My favorite Best of Craigslist post is "How To Be A Man 101
," in which the anonymous author explains how in lieu of his abusive father, Muhammad Ali taught the author how to be. The author grew up in rural America and he didn't know anything about the Nation of Islam or where Ali was coming from. But he knew his father hated Ali and as he explains, "...I hated my dad. So I decided I loved Muhammad Ali."
The author followed Ali's career through the many highs and through the low point when he was banned from boxing for dodging the draft. In 1970, he was allowed to fight again and a year later, the Supreme Court overturned Ali's conviction for refusing induction. By 1974, he'd fought his way back to a title shot. That shot was against someone whom you likely think of as the friendly guy trying to sell you small kitchen appliances. But that wasn't the case back in '74, as the author explains:
"In 1974, Muhammad Ali fought a real-life, living, breathing boogey man: George Foreman. A giant of a man that had actually crippled other fighters in the ring. He'd decimated both Frazier and Norton in previous fights. He'd hit Frazier so hard he lifted him four feet off the mat. He'd knocked Kenny Norton asleep. He beat him like a rug the year earlier and Norton didn't wake up until he was in his dressing room. As often as the movies may portray that sort of thing, the truth is in professional fighting it's nearly unheard of."
And Ali was at 32, over-the-hill in the world of boxing. From ye olde Wiki: Almost no one, not even Ali's long-time supporter Howard Cosell, gave the former champion a chance of winning. Analysts pointed out that Joe Frazier and Ken Norton had given Ali four tough battles in the ring and won two of them, while Foreman had knocked out both of them in the second round. As a matter of fact, so total was the domination that, in their bout, Foreman had knocked down Frazier an incredible six times in only four minutes and 25 seconds.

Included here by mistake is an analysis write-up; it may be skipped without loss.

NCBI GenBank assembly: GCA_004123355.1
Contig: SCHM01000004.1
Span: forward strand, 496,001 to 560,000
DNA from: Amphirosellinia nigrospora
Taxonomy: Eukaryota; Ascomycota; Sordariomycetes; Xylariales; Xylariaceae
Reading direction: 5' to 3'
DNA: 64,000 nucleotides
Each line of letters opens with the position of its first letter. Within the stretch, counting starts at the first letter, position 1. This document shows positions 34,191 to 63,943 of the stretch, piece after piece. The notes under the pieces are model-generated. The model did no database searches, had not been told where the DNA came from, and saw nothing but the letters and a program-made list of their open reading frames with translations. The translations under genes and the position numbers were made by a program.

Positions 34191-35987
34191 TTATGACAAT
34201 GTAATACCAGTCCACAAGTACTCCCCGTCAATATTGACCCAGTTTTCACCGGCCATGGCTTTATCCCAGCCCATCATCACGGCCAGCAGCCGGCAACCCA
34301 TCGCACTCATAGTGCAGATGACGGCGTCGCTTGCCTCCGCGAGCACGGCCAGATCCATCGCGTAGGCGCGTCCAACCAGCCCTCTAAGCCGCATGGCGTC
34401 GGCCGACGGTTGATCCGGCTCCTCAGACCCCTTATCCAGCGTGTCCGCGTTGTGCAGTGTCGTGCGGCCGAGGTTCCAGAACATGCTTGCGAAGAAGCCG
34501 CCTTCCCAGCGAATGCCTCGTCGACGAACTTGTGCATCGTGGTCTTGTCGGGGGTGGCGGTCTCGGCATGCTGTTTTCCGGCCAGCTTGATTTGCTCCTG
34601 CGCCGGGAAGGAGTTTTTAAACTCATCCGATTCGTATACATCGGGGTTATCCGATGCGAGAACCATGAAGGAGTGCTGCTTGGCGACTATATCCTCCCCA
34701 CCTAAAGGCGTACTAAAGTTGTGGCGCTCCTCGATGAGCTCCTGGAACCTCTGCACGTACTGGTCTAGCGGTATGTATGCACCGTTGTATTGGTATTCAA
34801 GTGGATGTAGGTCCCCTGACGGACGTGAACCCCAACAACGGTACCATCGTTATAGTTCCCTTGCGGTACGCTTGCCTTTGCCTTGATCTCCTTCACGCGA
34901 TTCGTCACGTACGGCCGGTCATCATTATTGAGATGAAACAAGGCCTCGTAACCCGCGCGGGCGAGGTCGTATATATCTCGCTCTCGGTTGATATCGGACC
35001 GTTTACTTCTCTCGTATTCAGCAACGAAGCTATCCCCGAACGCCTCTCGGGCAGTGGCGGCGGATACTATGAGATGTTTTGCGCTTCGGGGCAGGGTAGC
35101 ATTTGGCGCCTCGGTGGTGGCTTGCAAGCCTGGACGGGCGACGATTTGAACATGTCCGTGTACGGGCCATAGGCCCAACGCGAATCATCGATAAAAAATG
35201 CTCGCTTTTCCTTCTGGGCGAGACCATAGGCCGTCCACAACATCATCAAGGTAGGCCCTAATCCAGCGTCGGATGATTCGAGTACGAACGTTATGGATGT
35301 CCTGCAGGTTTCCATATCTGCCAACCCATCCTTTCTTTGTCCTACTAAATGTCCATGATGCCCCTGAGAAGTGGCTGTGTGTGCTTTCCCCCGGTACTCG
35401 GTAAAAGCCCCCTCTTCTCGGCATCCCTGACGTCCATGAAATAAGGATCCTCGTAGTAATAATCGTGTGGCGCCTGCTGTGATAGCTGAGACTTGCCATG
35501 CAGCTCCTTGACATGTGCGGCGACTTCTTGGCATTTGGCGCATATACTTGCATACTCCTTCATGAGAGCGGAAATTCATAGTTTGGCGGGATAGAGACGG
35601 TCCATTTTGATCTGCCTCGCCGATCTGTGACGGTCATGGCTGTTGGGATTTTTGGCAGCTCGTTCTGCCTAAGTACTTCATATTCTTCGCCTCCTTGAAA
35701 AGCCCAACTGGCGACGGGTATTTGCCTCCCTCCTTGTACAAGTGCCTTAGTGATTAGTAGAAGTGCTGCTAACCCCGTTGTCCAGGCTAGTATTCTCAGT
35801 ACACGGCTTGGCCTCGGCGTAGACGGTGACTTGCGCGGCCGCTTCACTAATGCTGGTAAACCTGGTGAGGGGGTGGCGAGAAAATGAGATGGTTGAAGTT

None of that seemed to affect him, though, as the anonymous author remembers:
"Foreman could barely put a sentence together back then - he usually just glared at people if he didn't feel like acknowledging him. Ali, on the other hand, had done the impossible over the past 10 years: he had gone from Most Hated Athlete in America to Most Adored HUMAN on the Face of the Earth. And, of course, he reveled in it. He talked about EVERYthing - tooth decay, racism, boxing, music, magic tricks...anything that caught his fancy. Smiling, laughing, giggling, chortling, merry-making his way through the sweltering pre-rainy season of Kinsasha. Not a care in the world.
Of course, that wasn't true, though. Ali was worried."
Since Ali could not possibly overpower Foreman, he planned to employ the Rope-a-dope, a style in which basically, he leaned on the ropes of the ring and hoped he could withstand Foreman's punches until the giant was worn out. "Years later he acknowledged his fear in an interview with George Plimpton. 'I was afraid for my children,' he said, 'I was afraid if maybe Big George broke my spinal column or something, how would I feed my children?' My God, it's astonishing to think of the fear that must have enveloped him for those three months prior to the fight."
Ali withstood nearly eight rounds of pummeling, fighting mostly defensively until there were about thirty seconds left in the round. This is the last minute and change of the eighth round:
!!! G.O.A.T. !!! I highly recommend reading the post, if only to find out what happened when the author finally got to tell Ali what he had meant.You were. You are.